Don’t space your text too tightly. Font rendering differences may add an extra line to a text box on either Windows or Mac versions of PowerPoint.
Pictures and graphics
On the Mac, avoid using PICT graphics, since those are not compatible with Windows versions. On both operating systems, the GIF, PNG, and JPG image formats work best. For illustrations, use WMF or EMF files. EPS files no longer work on most PowerPoint versions for security reasons.
The Mac versions of PowerPoint come with special photo effects that were originally part of Microsoft's disbanded PhotoDraw program on the Windows side. Regardless, any Mac presentation file that contains images with these effects can be moved to any version of PowerPoint for Windows and all the special effects will remain intact. The only caveat is that you cannot apply these effects to images once the presentation has been moved into a Windows version of PowerPoint.
Most embedded objects in PowerPoint presentations created on Windows do not translate well within a Mac version of PowerPoint. For instance, if an embedded Word document or Excel spreadsheet has accentuated characters, these may not appear in a cross-platform presentation. Rather than embedding these files (Word, Excel, PDF, etc.), use hyperlinks to link them to the presentation file. Make sure these files remain in the same folder as the PowerPoint presentation.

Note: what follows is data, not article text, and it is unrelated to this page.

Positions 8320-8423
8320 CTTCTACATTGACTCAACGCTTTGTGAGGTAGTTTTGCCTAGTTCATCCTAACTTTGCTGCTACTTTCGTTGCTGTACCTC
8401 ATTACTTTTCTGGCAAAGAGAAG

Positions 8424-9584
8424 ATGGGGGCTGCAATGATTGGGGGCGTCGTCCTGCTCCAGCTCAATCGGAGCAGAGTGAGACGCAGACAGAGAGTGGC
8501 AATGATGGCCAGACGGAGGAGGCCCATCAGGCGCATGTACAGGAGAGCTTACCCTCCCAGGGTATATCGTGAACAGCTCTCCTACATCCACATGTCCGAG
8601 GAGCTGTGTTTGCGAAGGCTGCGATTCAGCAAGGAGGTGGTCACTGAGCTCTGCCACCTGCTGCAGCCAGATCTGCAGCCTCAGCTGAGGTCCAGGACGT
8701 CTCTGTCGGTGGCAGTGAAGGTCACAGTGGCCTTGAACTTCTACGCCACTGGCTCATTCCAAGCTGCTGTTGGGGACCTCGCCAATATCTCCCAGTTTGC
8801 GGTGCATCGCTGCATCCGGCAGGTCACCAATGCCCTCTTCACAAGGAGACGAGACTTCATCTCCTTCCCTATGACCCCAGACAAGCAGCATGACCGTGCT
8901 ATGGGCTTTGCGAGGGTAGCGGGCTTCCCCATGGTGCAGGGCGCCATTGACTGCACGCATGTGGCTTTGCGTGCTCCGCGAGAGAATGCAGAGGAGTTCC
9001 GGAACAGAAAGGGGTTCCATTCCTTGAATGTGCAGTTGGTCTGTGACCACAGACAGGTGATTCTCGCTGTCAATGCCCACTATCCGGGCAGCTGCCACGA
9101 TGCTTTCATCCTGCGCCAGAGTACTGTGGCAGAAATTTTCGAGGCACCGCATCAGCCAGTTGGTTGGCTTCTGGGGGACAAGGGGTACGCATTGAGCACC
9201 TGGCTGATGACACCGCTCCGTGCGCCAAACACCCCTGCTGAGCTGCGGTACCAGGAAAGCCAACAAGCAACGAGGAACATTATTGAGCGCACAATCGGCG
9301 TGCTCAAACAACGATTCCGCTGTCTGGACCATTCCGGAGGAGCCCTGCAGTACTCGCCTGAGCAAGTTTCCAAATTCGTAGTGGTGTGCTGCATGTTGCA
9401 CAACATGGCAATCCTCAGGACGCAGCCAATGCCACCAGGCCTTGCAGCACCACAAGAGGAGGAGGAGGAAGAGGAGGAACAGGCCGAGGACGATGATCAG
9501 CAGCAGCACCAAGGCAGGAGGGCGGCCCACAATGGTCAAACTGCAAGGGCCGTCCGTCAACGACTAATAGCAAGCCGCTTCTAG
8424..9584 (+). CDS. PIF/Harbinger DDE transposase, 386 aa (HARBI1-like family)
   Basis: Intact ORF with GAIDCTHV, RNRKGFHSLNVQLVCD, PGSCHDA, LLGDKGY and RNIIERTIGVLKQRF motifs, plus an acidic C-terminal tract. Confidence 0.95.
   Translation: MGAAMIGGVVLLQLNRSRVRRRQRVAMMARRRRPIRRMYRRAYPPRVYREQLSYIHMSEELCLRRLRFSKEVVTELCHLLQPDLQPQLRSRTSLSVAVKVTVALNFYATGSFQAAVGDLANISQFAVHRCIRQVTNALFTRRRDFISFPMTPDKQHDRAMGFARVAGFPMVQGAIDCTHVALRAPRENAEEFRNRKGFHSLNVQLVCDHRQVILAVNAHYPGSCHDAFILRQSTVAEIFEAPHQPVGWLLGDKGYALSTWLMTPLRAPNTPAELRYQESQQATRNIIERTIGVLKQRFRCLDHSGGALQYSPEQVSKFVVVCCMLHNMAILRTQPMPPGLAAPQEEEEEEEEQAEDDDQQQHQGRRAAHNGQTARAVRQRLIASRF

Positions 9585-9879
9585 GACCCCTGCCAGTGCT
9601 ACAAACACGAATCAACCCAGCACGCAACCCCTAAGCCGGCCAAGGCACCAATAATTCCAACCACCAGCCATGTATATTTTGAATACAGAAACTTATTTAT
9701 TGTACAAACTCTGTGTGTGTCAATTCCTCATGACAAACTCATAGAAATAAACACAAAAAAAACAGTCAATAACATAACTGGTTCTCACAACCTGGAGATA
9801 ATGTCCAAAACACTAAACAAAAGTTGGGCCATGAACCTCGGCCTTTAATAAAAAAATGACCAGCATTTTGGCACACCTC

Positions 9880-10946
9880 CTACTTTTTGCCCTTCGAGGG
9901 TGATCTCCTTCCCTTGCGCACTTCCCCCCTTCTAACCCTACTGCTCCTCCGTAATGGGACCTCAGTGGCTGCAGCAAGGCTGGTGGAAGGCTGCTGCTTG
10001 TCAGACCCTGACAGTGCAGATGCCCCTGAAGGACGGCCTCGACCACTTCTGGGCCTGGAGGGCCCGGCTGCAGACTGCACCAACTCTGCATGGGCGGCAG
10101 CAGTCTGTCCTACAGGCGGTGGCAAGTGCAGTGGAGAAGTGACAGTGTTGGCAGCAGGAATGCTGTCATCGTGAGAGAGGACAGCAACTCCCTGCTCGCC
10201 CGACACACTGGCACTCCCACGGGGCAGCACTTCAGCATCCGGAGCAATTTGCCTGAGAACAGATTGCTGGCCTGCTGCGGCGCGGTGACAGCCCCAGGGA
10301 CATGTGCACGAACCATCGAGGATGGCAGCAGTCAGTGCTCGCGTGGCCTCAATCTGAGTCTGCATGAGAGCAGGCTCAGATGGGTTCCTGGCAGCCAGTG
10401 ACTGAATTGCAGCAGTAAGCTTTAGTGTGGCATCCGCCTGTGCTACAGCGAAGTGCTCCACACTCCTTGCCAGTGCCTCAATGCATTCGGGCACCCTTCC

Some file formats (such as Microsoft Visio and CAD) may not translate well. In these cases, you can often convert the files to an image or a PDF file within their native applications. These newly converted files can then be linked into the PowerPoint file, and will be recognized and displayed correctly on either platform.